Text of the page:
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Along came a whiner

57th Academy of Country Music Awards - Arrivals

Source: Axelle/Bauer-Griffin / Getty

In today’s episode of Old White Men And Their Fake White Grievances, novelist James Patterson was out here stretching his hammies, throwing his back out, and tripling his chins while climbing to the top of Mt. Caucasity to declare the erroneous claim that white men are being discriminated against in the world of publishing before making QUITE the heel turn.

To be clear, Patterson is a best-selling author with an estimated net worth of $80 million, as Entertainment Weekly noted. A white male millionaire claiming that white men are being discriminated against in any historically white male-dominated industry is like Jesus complaining that the water-into-wine industry has gotten way out of control. (This analogy only works if “Jesus” is racist, “water” is white supremacy, and “wine” is racial diversity, but still.)

Anyway, Scrooge Mc’Patterson (I call him that because I imagine he also complains that anti-white racists keep filling his swimming pool with water instead of golden doubloons) recently sat down for an interview with The Sunday Times, during which he said white men faced hard times find writing jobs in film, theater, TV and publishing industries. He outright called it “just another form of racism” especially if said authors are older.

“What’s that all about?” Patterson exclaimed. “Can you get a job? Yes. Is it harder? Yes. It’s even harder for older writers. You don’t meet many 52-year-old white males.”

OK, let’s just say for the sake of a loud, wrong, and white tearsy argument that it’s true that white male writers are having a harder time getting their work published than any other demographic. So what? For the vast majority of the existence of American popular culture, white men have dominated every pillar of the culture from TV, film, broadcasting, and, yes, publishing. Only, in the last handful of years have we seen a real push for diversity where marginalized groupswho have been historically locked out of these industries because of their lack of white male-nesshave been able to access massive platforms and get their work out to the world.

Of course, none of that even matters because, as it turns out, nothing Patterson said is remotely true.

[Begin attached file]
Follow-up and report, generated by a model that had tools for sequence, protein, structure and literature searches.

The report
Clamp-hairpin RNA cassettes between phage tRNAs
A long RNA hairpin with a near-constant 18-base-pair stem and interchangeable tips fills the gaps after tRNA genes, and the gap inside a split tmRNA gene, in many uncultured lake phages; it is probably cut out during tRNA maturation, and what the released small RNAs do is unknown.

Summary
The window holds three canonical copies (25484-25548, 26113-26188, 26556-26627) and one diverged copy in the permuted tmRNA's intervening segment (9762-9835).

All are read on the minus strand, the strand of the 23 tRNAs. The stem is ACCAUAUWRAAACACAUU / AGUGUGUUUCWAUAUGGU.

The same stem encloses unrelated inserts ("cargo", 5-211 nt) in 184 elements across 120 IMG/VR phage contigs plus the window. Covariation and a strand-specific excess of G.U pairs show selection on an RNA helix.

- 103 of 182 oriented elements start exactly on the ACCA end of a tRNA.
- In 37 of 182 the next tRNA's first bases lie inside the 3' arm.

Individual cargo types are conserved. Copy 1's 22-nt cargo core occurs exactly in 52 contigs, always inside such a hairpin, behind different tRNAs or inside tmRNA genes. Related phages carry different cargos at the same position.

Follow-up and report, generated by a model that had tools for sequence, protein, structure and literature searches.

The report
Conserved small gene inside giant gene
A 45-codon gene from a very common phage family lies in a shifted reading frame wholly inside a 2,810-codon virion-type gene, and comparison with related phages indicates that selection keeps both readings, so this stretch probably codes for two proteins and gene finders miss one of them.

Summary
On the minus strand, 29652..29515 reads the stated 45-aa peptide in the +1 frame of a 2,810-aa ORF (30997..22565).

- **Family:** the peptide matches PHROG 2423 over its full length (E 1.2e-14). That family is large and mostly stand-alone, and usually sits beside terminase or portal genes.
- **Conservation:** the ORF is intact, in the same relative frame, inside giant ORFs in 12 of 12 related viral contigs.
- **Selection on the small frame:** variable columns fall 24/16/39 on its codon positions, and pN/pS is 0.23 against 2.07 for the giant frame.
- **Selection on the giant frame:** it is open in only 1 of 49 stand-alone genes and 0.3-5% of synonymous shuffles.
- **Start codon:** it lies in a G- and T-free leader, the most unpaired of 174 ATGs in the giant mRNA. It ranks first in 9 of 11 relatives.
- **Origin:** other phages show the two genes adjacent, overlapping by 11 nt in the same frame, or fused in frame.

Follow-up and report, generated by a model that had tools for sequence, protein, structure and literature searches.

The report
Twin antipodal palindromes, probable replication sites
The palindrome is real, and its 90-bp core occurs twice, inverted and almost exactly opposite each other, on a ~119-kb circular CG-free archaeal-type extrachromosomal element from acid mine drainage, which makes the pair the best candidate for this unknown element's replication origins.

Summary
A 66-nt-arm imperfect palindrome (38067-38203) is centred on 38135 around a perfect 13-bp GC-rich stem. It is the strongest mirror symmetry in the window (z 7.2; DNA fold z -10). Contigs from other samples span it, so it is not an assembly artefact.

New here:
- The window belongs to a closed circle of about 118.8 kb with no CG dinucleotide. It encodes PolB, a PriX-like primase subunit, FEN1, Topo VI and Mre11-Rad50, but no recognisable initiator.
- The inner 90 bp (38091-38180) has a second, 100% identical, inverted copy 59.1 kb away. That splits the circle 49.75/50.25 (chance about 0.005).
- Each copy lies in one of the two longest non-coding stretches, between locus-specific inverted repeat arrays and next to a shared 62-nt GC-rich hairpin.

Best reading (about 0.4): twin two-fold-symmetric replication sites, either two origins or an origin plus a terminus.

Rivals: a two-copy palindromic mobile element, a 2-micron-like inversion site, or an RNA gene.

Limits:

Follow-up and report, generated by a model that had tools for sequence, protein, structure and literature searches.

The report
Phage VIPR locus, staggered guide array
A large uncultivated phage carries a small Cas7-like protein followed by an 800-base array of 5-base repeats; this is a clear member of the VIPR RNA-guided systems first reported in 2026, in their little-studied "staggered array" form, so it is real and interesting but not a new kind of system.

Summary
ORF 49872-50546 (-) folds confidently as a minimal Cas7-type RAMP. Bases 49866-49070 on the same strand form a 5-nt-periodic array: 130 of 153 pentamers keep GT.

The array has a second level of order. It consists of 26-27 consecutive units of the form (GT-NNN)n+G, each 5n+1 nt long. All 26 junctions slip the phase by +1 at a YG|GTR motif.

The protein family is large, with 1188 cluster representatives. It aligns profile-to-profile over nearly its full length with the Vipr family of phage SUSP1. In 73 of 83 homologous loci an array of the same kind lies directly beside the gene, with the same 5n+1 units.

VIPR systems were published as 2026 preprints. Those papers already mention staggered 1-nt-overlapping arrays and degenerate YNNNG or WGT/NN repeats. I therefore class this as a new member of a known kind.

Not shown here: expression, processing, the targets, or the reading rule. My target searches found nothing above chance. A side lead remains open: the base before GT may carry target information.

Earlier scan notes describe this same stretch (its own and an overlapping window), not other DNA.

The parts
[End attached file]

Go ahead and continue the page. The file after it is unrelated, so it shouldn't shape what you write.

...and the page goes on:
From USA Today:

Major publisher Penguin Random House conducted a 2019-2021 diversity self-audit and found that 74.9% of its contributors in that period were white; only 6% were Black, while 5% were Hispanic or Latinx. The publisher’s employees also skewed heavily white, making up 74.2% of its workforce.

In 2020, the New York Times compiled its own data to determine just how white the publishing industry is and in their sample, 89% of the books written in 2018 were by white authors. A 2019 survey also found that 85% of the people who acquire and edit books are white.

James Patterson Apologizes For His Comments

After the outrageously audacious author felt the heat from backlash, he issued an apology.

“I apologize for saying white male writers having trouble finding work is a form of racism,” wrote Patterson, 75, on Twitter. I absolutely do not believe that racism is practiced against white writers. Please know that I strongly support a diversity of voices being heard—in literature, in Hollywood, everywhere.”

Twitter Weighed In On James Patterson’s Racism Claims

Although he apologized, considering that Patterson clearly never even bothered to do any kind of fact-checking whatsoever before decrying that a white guy can’t catch a break in the still-very-white writing world, one can only assume that his grievances really only come from one place—racism. Patterson is continuing in the white supremacist tradition of confusing racial diversity with anti-white discrimination while also confusing white dominance with meritocracy. 

And, of course, J.J. Patterson (I call him that because he’s sure to have Good Times as long as everything is “dino-white“) has been getting dragged all up and down Twitter for his remarks.




Mind you, Patterson wasn’t only complaining on behalf of white men and their imaginary Whitey Whim Crow suffrage, he was also apparently concerned that accused sex abusers might not be getting their fair shake in the publishing world.

During the Times interview, Patterson lamented embattled filmmaker Woody Allen‘s 2020 memoir, being pulled by publisher Hatchette Book Group after the company’s employees walked out in protest.

“I hated that,” Patterson said. “He has the right to tell his own story.”

I mean, Allen does have the right to tell his own story. He doesn’t, however, have the right to any publisher of his choosing.

Patterson, like all “oppressed” white males, doesn’t appear to understand how anything works, does he?

57th Academy of Country Music Awards - Arrivals

Source: Axelle/Bauer-Griffin / Getty



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